How to Pray, pt. 1 (Matt 6:9a)

Prayer is a difficult thing to do. It may seem to be easy, and we can form words and make statements that seem to be prayers easily enough, but if we stop and consider a few things, we will see that true prayer is difficult.

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Consider this quote from Dr. Lloyd-Jones:

Man is at his greatest and highest when, upon his knees, he comes face-to-face with God….It is the highest activity of the human soul, and therefore it is at the same time the ultimate test of a man’s true spiritual condition. There is nothing that tells the truth about us as Christian people so much as our prayer life. Everything we do in the Christian life is easier than prayer….Prayer is undoubtedly the ultimate test, because a man can speak to others with greater ease than he can speak to God. Ultimately, therefore, a man discovers the real condition of his spiritual life when he examines himself in private, when he is alone with God….So that it is when we have left the realm of activities and outward dealings with other people, and are alone with God, that we really know where we stand in a spiritual sense. It is not only the highest activity of the soul, it is the ultimate test of our true spiritual condition. [Studies in the Sermon on the Mount, 322]

Obviously, the disciples sensed the difficulty of prayer themselves. In Luke 11:1 it says,“Now Jesus was praying in a certain place, and when he finished, one of his disciples said to him, “Lord, teach us to pray, as John taught his disciples.” After watching Jesus pray, and seeing their own lack-luster attempts, they ask Jesus to teach them. So, we have in Matthew 6:9-13 not only an answer to the negative idea of not praying like the hypocrites (see Matt 6:5), but the Lord’s model prayer was for teaching the Lord’s disciples, then and now, how to pray.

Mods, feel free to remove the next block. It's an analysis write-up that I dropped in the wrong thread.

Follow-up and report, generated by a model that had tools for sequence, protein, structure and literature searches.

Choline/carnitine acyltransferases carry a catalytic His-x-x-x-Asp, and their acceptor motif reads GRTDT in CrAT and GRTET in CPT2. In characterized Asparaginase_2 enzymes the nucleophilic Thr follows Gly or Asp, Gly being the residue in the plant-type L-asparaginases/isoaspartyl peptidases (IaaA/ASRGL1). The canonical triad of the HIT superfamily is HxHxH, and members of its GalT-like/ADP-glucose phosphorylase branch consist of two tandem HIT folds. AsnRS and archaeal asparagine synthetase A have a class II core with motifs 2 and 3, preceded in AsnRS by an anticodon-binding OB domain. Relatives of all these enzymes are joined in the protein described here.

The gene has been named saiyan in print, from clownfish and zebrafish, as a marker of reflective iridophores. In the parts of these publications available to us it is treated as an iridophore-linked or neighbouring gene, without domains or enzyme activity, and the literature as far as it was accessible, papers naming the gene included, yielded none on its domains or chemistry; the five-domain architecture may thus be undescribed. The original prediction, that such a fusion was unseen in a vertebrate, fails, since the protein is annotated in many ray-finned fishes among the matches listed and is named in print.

This prayer has a preface followed by six petitions. We will look at each one in turn and see what Jesus meant to teach us about prayer. Let’s begin by looking at the preface, or opening words of this prayer, “Our Father in heaven” or “Our Father who art in heaven.”

 

1. The Preface teaches us to draw near to God with holy reverence.

We are about to speak to the One who is “in heaven.” This is not an earthly conversation with another man, but a holy conversation in which the lowly creature is about to speak to his heavenly Creator. The hypocrite of our context has forgotten this. He speaks for his own pleasure and self-promotion forgetting that he is standing before the Lord’s presence.

Psalm 95:6: Oh come, let us worship and bow down; let us kneel before the Lord, our Maker!

When you come before the Lord in prayer, is it like you are John in Rev. 1:12-17? We are addressing this same Lord and God whom John fell dead at his feet. How can we rush flippantly and irreverently into his presence?

2. The Preface teaches us to draw near to God with confidence.

He is “our” Father. Luke’s version of this prayer (given on a different occasion) doesn’t include this word, but I am so glad that it is here. This prayer is not for the pagans and the unbelieving world. He is not their Father. Their father is Satan, the father of lies (John 8:44). But, because he is our Father we can have confidence as we draw near to Him. This confidence is based upon the finished work of our Savior Jesus Christ. The cross is the doorway by which we enter into the throne room of God with confidence.

Eph 3:12: [Christ Jesus] in whom we have boldness and access with confidence through our faith in him.

3. The Preface teaches us to draw near to God as Children to a Father.